the casc, ai | the one which the pleaders Orozem v. MeNeill, 103 Kan. 429, 175 P.
clearly had in mind when the petition was 633, 3 A. L. R. 1598. The warranty of one
framed, is the following:

who transfers a negotiable instrument by
"Every person negotiating an instrument by delivery is as much a contract that enumerat-
delivery, or by a qualified indorsement, war-led facts in relation to the paper are as

vision :

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an "The plaintiff and E. A. Hood were execu

promised as if the warranty were written 12. Executors and administrators 163-Exupon the instrument and were signed by the ecutor cannot make valid sale of personalty warrantor. In case of breach of warranty

to himself as agent of third party. liability arises from the fact the contract An executor of an estate cannot make a was broken, from the fact the things promis- valid sale to himself, as agent of a third pared were not as promised, and not from the ty, of personal property in his possession, as quality of the breach, whether tainted with

executor. fraud or otherwise. Therefore, according to the principle applied in the Orozem Case, County; John C. Hogin, Judge.

Appeal from District Court, Washington when the essence of an action is breach of warranty, the fact that the breach may have Action by D. C. Rossman, executor of the a tortious aspect will not make the statute last will and testament of Ellen E. Little, of limitations relating to actions for relief deceased, against William Christenson and on the ground of fraud applicable.

others. From a judgment for plaintiff, dePlaintiffs advance an argument difficult to fendants appeal. Affirmed. follow, to the effect that they have a right

Edgar Bennett, of Washington, Kan., for to Rafter's indorsement (R. S. 52–420), and, appellants. because they have that right, Rafter is liable A. J. Freeborn and Frank O. Baldwin, on the note as indorser. The argument fails both of Washington, Kan., for appellee. for several reasons. Rafter was sued as warrantor, and 'in no other capacity, and

HOPKINS, J. The action was one to replaintiffs cannot mend their hold in this

cover possession of a note and mortgage. court. If the indorsement on the note was Plaintiff prevailed, and defendants appeal. forged, Rafter was not "the holder of an instrument payable to his order," within the tors of the estate of Ellen E. Little, demeaning of R. S. 52-420. If the indorsement ceased. Hood was the cashier of the Greenon the note was not forged, the indorsement leaf State Bank of Greenleaf, Kan. The was a qualified indorsement in blank, the plaintiff was a farmer living about 30 miles instrument was payable to bearer, was trans- therefrom. Ellen E. Little, at the time of ferable by delivery (R. S. 52–405), and plain- her death, owned a note and mortgage given tiffs were not entitled to Rafter's indorse- by Margaret Hoover in the sum of $1,000. ment. If plaintiff's were entitled to Rafter's This note and mortgage, as a part of the indorsement, the indorsement and liability assets of the Ellen E. Little estate, came inupon it would relate to the time of transfer, and action to enforce the liability was barred to the hands of her executor. For convenby the statute of limitations when Rafter ience it was kept at the Greenleaf State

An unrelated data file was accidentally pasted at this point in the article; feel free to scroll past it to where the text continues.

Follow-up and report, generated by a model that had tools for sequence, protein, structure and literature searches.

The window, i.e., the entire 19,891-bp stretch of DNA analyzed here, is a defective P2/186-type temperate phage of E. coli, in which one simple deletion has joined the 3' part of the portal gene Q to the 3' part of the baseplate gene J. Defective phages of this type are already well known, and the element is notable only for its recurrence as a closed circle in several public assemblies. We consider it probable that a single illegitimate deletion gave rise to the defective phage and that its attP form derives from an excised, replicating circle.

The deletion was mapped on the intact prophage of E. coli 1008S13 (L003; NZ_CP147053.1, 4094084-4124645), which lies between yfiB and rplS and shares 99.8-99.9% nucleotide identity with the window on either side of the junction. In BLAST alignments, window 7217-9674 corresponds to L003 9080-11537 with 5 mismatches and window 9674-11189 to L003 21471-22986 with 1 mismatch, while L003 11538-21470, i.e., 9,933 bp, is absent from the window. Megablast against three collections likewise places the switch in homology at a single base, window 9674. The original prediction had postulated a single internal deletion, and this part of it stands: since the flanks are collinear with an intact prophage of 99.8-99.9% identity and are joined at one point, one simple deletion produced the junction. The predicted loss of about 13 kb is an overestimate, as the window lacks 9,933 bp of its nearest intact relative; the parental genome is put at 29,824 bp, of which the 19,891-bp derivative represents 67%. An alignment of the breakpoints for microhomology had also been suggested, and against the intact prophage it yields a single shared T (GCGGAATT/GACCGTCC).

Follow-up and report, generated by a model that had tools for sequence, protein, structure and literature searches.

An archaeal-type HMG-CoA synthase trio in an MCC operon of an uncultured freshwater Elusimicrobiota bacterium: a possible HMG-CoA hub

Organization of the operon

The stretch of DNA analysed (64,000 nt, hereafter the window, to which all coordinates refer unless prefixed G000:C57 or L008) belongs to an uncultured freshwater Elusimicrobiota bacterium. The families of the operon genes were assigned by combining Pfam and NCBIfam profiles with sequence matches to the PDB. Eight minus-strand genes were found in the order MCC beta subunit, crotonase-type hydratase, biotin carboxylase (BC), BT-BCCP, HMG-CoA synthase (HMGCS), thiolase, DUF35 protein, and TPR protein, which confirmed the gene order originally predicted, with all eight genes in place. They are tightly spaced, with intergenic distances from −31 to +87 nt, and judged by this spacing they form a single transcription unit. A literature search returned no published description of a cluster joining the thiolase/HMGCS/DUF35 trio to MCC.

Bank, was sued.

The defendants William Christenson and Plaintiffs criticize the rule that a petition which discloses on its face that the action Sophia Christenson were brother and sister is barred by the statute of limitations is de residing on a farm near Greenleaf. They

conducted their business at the Greenleaf murrable on the ground the petition does State Bank, where they had a safety deposit not state a cause of action. Whether sound or unsound, the rule has prevailed too long There were two keys to the box, one in the

box in which they kept papers and securities. to be judicially discarded now.

The judgment of the district court is af- possession of the Christensons, the other in firmed.

the possession of the bank. A note and All the Justices concurring.

mortgage in the sum of $1,500, payable to William Christenson, executed by one Mehrman, was kept by the Christensons in their box. On July 14, 1921, Mehrman paid this note, together with $37.50 accrued interest,

to Hood. Hood placed $537.50 of the amount ROSSMAN V. CHRISTENSON et al. (No. to the credit of the Christenson account, 25224.)

and made out a deposit slip for $1,000 for

the estate of Ellen E. Little. In accordance (Supreme Court of Kansas. Nov. 8, 1924.) with such deposit slip, the bookkeeper enter(Syllabus by the Court.)

ed a credit of $1,000 to the account of the

Ellen E. Little estate on the books of the 1. Executors and administrators en 160-Ex- bank. ecutor without authority to dispose of per examination of the affairs of the Ellen E.

January, 1922, Hood died, and an sonal property, except as provided by stat- Little estate disclosed a shortage of over ute.

The exerutor of an estate has no author- $5,000 in addition to the Hoover note and ity to dispose of personal property in his pos

mortgage. Shortly thereafter the Christensession as sucn executor, except in accordance sons found in their safety deposit box the with the provisions and restrictions of the Hoover note and mortgage of $1,000. It bore

this indorsement:

statutes.